Upbeat LAO report lacks key focus: CalSTRS bailout cost

Upbeat LAO report lacks key focus: CalSTRS bailout cost

CalSTRSThe Legislative Analyst’s Office released an analysis of state revenue this week that suggests the state won’t suffer when temporary tax hikes expire. This is from AP:

SACRAMENTO — A steadily improving economy will buffer California’s budget from a drop in revenue expected when temporary tax hikes begin to expire in the coming years, the state’s nonpartisan Legislative Analyst’s Office said Wednesday.

The report from Legislative Analyst Mac Taylor examined state revenue trends through 2019, the first year after the Proposition 30 tax hikes expire.

The expiring tax increases “will not necessarily cause a sudden revenue drop off – a `fiscal cliff’ – for the annual state budget process,” Taylor said.

In 2012, voters approved Gov. Jerry Brown’s proposal to raise an additional $6 billion a year through higher taxes. The statewide sales tax was raised to 7.5 percent, an increase that will expire at the end of 2016. An increase in income taxes on the wealthy will expire at the end of 2018.

But I was surprised upon reviewing the report at its failure to focus on the larger picture of how this summer’s CalSTRS bailout will bring extreme new pressure on overall state finances. In fiscal 2020-21, after phased-in hikes, the amount of total contributions to the state teacher pension fund will have gone from $5.9 billion to $10.9 billion. Of that extra $5 billion, 70 percent will come from school districts, 20 percent from the state and 10 percent from teachers.

School districts won’t absorb huge pension bill without fight

The idea that school districts will quietly eat that 70 percent boost is at odds with California politics in the post-Prop. 98 era. Instead, the districts, teachers unions and their elected allies will press for the general fund to absorb the cost on the grounds that every dollar districts spend toward pensions is a dollar that can’t be spent “on the kids” — i.e., on teacher pay.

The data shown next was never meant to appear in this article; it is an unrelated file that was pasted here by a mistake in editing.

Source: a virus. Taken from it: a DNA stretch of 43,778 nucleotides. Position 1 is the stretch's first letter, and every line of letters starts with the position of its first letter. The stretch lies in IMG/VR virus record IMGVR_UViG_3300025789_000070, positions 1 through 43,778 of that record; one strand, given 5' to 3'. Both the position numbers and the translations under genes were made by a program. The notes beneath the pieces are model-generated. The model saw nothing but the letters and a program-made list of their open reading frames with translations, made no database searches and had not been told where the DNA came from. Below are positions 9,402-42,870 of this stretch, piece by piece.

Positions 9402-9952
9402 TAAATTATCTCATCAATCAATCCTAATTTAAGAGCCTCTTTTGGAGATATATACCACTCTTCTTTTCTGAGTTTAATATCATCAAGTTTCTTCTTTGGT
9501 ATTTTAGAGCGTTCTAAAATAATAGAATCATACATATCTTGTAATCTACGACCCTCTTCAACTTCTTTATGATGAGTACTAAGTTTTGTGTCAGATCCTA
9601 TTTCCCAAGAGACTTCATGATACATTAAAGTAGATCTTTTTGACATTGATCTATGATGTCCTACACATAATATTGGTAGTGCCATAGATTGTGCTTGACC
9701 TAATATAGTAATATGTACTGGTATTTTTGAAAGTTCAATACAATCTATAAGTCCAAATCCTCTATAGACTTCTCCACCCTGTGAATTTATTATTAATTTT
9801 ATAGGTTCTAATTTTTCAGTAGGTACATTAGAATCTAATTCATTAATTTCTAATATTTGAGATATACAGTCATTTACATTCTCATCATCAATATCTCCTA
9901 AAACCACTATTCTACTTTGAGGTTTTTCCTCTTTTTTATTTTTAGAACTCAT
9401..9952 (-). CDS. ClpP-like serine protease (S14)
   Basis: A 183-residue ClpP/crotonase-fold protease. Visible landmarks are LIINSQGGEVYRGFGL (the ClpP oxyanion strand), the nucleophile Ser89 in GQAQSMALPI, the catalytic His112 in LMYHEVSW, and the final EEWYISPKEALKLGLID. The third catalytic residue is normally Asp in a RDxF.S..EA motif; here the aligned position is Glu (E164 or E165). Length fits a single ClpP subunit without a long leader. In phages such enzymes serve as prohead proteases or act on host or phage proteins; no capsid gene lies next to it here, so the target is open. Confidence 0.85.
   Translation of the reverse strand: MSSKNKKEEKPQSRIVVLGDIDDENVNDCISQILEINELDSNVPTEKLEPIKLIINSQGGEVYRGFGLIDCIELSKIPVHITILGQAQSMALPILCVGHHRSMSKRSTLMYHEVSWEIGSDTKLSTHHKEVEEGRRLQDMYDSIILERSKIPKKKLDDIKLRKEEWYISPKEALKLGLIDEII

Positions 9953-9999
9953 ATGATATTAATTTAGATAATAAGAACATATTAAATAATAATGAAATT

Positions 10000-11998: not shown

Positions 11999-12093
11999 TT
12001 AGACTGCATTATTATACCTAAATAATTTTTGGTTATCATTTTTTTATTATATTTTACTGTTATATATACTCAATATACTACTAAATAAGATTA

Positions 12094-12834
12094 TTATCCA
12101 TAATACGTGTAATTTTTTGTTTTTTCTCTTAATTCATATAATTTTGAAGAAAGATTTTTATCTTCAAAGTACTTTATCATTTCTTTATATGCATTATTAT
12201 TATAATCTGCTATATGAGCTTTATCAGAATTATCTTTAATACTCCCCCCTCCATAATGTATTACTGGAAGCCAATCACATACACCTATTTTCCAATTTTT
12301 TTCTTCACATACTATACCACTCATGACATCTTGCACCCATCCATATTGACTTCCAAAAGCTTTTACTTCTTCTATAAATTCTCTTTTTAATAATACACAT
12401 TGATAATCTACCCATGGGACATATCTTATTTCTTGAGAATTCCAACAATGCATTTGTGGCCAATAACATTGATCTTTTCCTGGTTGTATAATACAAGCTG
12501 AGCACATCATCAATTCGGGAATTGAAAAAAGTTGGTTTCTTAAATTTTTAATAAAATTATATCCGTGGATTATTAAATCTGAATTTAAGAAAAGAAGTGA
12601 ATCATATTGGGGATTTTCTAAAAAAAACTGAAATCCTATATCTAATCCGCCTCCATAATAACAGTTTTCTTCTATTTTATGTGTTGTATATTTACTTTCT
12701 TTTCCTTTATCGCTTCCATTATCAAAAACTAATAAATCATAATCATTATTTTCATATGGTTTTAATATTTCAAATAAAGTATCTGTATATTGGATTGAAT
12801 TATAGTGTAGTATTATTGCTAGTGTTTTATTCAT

So in 2020-21, the state general fund faces a $4.5 billion hit. I know the LAO doesn’t necessarily weave in political calculus in its fiscal analysis, but given how Sacramento works, it would have been appropriate. Moody’s Investors Service is already looking at this angle. So what is the Legislature and Jerry Brown’s successor going to face?

I wrote about this for CalWatchdog earlier this year.

The CTA and the CFT didn’t achieve their dominance of Sacramento by playing nice. Covering the cost of the CalSTRS bailout going forward is going to be the Sacramento version of the federal budget sequester for non-education budget categories. Spending on just about everything but  K-12 is going to be curtailed.

Of course, we’ll also see redoubled efforts to raise taxes and make “temporary” hikes permanent. But the day in which the Maviglios of the world could pretend the pension crisis was exaggerated or no big deal will soon be history. Pretty soon the pain is going to be shared not just by taxpayers but by all users of California government services and programs outside of K-12.

Once you understand that the single most powerful imperative in California politics is protecting an education jobs program in which most teachers get automatic annual raises just for showing up, Sacramento is pretty easy to understand.

The Schwarzenegger administration once talked about state budget politics being the war of “all against all.” In 2020, it will be plainer that it’s the CTA and CFT vs. everyone else.

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